Scotland rail strikes: Union clashes with UK Government over strikes before Christmas

Rail union chief Mick Lynch has been urged by ministers not to “hold the country to ransom” with strikes ahead of Christmas as he blamed the UK Government for failing to avert the action.

The Rail, Maritime and Transport union (RMT) general secretary said on Tuesday the unions had a duty to take co-ordinated action in response to a “generalised attack on working people”. He confirmed there would be greater disruption on the rails on Christmas Eve because of a walkout from 6pm until 6am on December 27 following two 48-hour strikes next week that will also impact Scotland.

Talks with the Rail Delivery Group over the long-running dispute on pay, jobs and conditions will still take place on Tuesday.

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Deputy Labour leader Angela Rayner accused the “militant” Government of presiding over a “complete shambles” on the railways as she backed the workers’ right to strike. But Government minister Nick Gibb argued the RMT’s “very disappointing decision” came after they were offered a “very good pay deal” of 8 per cent over two years.

Mick Lynch, general secretary of the Rail, Maritime and Transport union (RMT) on the picket line outside London Euston train station. Picture: PA

“So I think the unions really should call off this strike,” he said. “It’s inconveniencing people up and down the country in the run up to Christmas, I think it’s a very poor way of conducting negotiations.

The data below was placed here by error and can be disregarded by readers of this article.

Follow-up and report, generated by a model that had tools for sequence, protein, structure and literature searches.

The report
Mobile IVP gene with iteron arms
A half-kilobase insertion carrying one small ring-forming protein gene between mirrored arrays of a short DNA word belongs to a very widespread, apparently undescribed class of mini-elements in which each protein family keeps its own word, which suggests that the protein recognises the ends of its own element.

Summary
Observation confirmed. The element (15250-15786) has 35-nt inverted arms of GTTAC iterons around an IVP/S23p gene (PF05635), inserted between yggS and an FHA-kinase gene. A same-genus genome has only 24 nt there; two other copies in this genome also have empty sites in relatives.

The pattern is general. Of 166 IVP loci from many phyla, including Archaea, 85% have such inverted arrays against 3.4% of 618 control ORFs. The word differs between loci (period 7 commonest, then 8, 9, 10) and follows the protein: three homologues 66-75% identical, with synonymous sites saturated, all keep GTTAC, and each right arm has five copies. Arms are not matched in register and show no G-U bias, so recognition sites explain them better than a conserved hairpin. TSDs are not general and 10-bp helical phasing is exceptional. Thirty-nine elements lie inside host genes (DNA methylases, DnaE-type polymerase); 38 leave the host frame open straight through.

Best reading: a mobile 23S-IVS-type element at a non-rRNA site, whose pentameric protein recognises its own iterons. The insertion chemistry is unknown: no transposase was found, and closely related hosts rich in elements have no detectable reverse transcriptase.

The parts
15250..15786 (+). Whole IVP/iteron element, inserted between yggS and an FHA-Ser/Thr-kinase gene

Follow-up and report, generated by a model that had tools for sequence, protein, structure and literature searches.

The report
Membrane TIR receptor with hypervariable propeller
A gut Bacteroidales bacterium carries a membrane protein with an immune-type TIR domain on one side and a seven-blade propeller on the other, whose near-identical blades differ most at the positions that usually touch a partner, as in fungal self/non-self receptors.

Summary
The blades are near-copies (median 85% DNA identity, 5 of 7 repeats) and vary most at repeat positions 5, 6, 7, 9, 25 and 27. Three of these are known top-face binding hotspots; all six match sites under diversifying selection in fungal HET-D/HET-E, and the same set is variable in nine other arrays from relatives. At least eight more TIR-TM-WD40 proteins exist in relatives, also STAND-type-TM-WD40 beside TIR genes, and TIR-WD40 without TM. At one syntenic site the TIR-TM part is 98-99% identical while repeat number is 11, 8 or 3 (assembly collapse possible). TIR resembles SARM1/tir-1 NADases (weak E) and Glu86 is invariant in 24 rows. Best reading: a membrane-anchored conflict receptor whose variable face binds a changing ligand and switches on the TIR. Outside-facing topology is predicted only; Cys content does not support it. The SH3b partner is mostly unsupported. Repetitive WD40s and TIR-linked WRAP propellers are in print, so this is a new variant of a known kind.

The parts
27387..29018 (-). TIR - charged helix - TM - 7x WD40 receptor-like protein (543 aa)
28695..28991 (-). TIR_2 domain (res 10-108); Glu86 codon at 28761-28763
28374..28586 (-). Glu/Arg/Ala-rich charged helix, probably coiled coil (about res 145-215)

“We would urge the unions to talk to employers, to keep negotiating and not to hold the country to ransom, particularly in December as we get nearer to Christmas.”

Mr Lynch insisted he did not want strikes to go ahead before Christmas, but argued his members were being forced into action by the Government not allowing train operators a proper mandate to negotiate on pay and conditions.

He told BBC Radio 4’s Today programme: “We regret the inconvenience that we are causing, but this inconvenience is being caused by the Government who are running the playbook and the strategy for the companies and directing what’s going on. They’ve held back even these paltry offers to the last minute, so they know it’s very difficult to deal with these offers.”

Mr Lynch said there was always a wind-down of trains on Christmas Eve, but, pressed if there would be earlier disruption because of the action, he said “yes there will be”.

“They will run up until the evening time,” he said. “We don’t want this to happen at Christmas.

“If we don’t respond, they will just assume the dispute is over and they’ve got their way, so we have to respond to that. I hope the companies change their positions before the action takes place on December 13 and we can cancel the action – but I’ve been hoping for that all the summer.”

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He argued wages are being lowered against soaring inflation, which passed 11 per cent, while conditions are being “ripped up”. “It would be foolish of unions not to coordinate themselves in response to those attacks,” he told Today.

Ms Rayner argued striking workers were not taking action at a “drop of a hat”, saying they would “lose their pay at a time when they will need it most” because of the action.

Strikes are set to hit 14 train companies next week as the RMT has recommended its members should reject the latest offer from Network Rail.



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